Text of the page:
One of the smallest players in UK health insurance is to withdraw from the £2 billion sector just six years after first entering the market.

Cornhill Insurance, which has less than a one per cent share, will cease writing business from the end of the month. The company said that it had taken the view that healthcare would remain unprofitable for smaller players over the long term.

"Unless you can see some likelihood of a return to profitability then you have little choice but to make some difficult decisions," said life general manager, Ian Reed.

The wider environment was also operating against the company with premium increases of up to 20% applied by other players.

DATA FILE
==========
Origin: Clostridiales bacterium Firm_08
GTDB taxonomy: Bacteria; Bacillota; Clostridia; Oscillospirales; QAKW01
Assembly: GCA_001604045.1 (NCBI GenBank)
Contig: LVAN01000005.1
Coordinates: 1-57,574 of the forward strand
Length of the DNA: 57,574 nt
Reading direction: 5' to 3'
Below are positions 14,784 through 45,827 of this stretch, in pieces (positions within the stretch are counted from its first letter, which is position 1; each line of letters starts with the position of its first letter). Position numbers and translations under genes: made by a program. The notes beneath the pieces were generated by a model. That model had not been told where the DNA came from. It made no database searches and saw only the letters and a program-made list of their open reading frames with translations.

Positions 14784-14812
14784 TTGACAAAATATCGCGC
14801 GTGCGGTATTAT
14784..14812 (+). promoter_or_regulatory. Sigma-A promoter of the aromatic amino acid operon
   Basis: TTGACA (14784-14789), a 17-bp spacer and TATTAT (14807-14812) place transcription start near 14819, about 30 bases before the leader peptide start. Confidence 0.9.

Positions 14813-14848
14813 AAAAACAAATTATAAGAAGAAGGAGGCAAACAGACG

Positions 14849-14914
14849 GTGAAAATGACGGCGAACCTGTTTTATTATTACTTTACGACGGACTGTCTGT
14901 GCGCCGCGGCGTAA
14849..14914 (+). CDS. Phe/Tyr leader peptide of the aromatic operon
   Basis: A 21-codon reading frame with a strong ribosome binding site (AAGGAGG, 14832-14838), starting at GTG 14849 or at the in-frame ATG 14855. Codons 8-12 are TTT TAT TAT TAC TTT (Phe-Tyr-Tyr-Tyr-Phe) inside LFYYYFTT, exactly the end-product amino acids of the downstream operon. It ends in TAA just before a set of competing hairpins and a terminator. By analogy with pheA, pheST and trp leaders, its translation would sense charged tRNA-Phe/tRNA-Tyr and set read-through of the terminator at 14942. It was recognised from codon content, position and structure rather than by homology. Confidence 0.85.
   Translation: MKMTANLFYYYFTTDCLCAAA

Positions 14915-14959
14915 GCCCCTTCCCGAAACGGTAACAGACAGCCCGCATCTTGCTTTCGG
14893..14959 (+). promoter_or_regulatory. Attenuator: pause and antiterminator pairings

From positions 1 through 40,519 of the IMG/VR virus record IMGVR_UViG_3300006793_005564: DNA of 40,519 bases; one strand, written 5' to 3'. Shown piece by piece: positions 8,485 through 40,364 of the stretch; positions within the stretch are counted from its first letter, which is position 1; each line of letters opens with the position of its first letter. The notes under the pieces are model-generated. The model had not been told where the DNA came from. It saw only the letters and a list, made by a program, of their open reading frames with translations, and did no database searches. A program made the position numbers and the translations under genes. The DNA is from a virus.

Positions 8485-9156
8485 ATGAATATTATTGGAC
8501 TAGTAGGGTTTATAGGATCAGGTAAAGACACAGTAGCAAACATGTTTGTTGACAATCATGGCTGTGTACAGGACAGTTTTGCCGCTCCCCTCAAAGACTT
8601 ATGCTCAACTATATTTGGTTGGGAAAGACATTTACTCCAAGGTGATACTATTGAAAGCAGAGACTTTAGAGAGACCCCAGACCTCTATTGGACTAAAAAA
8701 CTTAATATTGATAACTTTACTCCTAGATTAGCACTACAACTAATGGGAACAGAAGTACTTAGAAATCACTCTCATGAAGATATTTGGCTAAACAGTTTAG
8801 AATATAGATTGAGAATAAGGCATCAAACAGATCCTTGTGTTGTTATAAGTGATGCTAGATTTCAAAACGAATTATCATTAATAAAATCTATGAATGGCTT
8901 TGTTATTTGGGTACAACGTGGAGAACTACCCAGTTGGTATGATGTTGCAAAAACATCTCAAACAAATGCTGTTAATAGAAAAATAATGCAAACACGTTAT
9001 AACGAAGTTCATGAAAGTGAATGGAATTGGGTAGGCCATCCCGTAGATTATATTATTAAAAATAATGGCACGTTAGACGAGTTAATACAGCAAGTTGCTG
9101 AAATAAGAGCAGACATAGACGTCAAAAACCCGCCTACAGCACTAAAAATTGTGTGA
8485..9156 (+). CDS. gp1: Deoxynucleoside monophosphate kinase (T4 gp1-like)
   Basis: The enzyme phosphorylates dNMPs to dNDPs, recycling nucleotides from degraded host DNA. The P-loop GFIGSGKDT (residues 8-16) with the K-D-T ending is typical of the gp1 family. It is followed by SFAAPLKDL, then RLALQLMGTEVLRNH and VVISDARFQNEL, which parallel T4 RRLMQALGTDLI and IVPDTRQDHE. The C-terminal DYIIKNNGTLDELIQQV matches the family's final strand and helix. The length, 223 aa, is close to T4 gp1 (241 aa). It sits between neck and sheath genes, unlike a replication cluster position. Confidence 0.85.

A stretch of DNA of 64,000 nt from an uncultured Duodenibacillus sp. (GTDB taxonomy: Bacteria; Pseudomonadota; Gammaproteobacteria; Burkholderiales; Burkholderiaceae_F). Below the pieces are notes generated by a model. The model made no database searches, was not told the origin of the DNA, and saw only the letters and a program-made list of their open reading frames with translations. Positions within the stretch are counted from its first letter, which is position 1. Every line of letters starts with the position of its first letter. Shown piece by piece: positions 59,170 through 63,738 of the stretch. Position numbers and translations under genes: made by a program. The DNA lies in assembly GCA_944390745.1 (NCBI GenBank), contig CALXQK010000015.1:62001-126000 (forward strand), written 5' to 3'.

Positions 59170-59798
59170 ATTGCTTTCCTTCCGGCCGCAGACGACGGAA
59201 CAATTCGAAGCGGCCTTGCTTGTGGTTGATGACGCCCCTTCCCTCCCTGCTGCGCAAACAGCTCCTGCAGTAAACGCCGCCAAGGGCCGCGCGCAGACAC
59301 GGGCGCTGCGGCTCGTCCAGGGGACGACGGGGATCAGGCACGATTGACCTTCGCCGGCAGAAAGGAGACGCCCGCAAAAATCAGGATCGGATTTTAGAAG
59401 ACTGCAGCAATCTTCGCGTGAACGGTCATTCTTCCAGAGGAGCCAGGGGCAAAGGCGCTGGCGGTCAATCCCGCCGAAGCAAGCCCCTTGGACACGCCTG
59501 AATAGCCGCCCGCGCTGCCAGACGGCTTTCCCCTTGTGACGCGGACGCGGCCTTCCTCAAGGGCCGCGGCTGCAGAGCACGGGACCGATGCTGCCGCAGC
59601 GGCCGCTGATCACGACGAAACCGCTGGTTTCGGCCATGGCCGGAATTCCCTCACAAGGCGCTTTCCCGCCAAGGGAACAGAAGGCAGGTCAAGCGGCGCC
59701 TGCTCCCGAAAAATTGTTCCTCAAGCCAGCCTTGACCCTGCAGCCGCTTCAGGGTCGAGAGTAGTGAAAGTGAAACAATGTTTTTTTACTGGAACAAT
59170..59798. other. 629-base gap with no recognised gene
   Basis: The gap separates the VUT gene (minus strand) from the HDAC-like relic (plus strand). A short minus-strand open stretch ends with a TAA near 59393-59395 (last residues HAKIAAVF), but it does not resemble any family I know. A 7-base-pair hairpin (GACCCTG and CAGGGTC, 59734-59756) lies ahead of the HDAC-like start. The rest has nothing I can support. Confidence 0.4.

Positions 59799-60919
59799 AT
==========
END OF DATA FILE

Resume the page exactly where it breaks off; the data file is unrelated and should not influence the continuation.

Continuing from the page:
"We would have needed to increase our own premiums to such a degree that we would have lost too much business to remain a viable carrier," he added.

There are no plans for compulsory redundancies amongst the 23 staff affected and existing contracts will be honoured until expirey.

Cornhill started underwriting healthcare business in 1993 and by last year had 3,080 group healthcare policyholders and 3,250 individual policyholders, generating a gross written premium of £12m.

Meanwhile, two major providers of healthcare benefit schemes have joined forces to become the second largest healthcare cashplan provider in the country with 250,000 customers and a value in excess of £35m.

The newly-formed Healthsure Group brings together the Manchester & Salford Hospital Saturday Fund and the Northampton-based Healthcare Insurance Alliance.